All the models come with adult-sized and an option for child-sized pads that offer different levels of stimulation. The American Heart Association recommends using the pediatric pads on children between ages 1-8, and adult pads on people older than 8. The organization also recommends manual defibrillation for anyone younger than 1.

What features of AEDs should I consider?

Beyond the difference in operating modes, many AEDs have a lot of similar characteristics. In addition to doing most or all the work in delivering the shock, most models have extensive voice or video direction in placing the pads as well as in giving CPR. They are very light, between 3 and 7 lbs., and all models should be easy to carry. Some have cabinets that can be affixed to a wall for storing the AED in an easily accessible location.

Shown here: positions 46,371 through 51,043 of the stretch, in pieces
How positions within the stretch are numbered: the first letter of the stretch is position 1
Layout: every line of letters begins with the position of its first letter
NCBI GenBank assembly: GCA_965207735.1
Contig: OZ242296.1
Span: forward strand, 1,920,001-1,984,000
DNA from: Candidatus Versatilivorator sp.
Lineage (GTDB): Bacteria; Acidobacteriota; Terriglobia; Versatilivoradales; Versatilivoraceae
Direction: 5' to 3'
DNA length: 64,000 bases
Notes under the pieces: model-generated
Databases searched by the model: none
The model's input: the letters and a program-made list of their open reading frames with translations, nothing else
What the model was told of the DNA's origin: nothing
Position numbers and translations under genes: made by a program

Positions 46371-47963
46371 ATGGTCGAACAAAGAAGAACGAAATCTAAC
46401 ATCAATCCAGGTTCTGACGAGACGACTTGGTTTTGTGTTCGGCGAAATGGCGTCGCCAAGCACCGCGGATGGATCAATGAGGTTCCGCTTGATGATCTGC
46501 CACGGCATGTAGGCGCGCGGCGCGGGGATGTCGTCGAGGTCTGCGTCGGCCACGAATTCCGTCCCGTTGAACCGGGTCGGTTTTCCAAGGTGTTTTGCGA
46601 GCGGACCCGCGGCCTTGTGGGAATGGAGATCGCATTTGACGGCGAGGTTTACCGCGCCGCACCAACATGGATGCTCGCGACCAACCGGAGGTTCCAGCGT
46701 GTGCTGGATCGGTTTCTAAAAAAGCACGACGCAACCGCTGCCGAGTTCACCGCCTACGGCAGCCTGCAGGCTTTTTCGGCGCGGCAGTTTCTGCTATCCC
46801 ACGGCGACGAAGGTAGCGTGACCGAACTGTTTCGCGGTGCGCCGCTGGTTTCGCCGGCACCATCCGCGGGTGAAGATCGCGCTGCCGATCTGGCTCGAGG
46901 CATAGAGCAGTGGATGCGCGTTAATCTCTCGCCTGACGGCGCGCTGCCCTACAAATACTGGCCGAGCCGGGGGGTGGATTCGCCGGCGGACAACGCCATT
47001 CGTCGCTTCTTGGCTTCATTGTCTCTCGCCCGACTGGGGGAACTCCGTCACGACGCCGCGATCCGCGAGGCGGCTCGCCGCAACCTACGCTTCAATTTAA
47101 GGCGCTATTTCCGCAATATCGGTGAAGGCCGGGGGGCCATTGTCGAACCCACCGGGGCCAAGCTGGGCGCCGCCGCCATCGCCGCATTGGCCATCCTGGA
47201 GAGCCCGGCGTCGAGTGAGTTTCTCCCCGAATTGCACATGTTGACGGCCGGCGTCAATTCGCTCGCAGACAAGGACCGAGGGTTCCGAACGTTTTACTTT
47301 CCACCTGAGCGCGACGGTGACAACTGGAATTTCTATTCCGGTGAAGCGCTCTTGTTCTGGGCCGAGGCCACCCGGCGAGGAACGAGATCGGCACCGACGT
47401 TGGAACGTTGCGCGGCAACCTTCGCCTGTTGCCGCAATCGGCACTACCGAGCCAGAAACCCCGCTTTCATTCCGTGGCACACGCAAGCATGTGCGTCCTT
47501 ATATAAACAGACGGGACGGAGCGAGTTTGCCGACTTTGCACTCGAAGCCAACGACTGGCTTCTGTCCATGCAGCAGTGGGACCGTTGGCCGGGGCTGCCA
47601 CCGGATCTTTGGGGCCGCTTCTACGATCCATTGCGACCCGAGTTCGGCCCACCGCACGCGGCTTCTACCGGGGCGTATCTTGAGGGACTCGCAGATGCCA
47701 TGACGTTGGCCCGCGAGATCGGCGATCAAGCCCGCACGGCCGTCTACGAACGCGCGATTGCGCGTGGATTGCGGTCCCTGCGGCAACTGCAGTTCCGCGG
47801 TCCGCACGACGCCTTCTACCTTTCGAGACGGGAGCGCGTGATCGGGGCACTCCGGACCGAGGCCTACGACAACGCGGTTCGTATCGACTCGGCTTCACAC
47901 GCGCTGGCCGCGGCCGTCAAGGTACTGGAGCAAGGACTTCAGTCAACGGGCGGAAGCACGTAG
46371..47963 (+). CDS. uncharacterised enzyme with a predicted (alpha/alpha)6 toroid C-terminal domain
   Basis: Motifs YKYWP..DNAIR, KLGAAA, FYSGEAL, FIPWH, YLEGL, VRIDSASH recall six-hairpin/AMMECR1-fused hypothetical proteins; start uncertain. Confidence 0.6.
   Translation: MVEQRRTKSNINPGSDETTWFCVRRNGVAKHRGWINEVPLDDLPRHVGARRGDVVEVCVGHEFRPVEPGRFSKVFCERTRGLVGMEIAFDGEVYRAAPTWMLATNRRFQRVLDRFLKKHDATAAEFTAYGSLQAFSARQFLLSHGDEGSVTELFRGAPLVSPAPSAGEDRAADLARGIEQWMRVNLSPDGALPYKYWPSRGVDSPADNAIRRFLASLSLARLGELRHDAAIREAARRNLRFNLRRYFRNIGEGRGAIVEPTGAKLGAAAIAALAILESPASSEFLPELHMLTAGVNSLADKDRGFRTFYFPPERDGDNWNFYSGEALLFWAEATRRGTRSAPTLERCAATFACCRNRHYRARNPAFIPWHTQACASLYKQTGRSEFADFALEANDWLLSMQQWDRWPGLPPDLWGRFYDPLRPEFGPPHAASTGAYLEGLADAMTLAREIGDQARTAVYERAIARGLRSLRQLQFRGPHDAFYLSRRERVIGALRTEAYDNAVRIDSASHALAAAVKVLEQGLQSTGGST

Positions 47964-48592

Most AED models record data from each use. Some will allow users to connect the device to a personal computer via a USB cable, while some save the data on a removable memory card.

AEDs are typically powered by a lithium/manganese dioxide battery with a standby life between 4 to 7 years. The Mayo Clinic recommends replacing the batteries about every four years but check manufacturer's recommendations for specific model guidance. The contact pads also have an expiration date, typically 2 years.  Check manufacturer recommendations for this as well.

What regulations govern AEDs in the workplace?

OSHA does not require that companies keep AEDs in their facility, but the organization urges the practice. Devices are recommended to be placed where response can happen in 3 to 5 minutes, as well as locations such as:

  • Remote locations, such as construction sites
  • Near confined spaces
  • Where electric-powered devices are used
  • Outdoor sites capable of being struck by lightning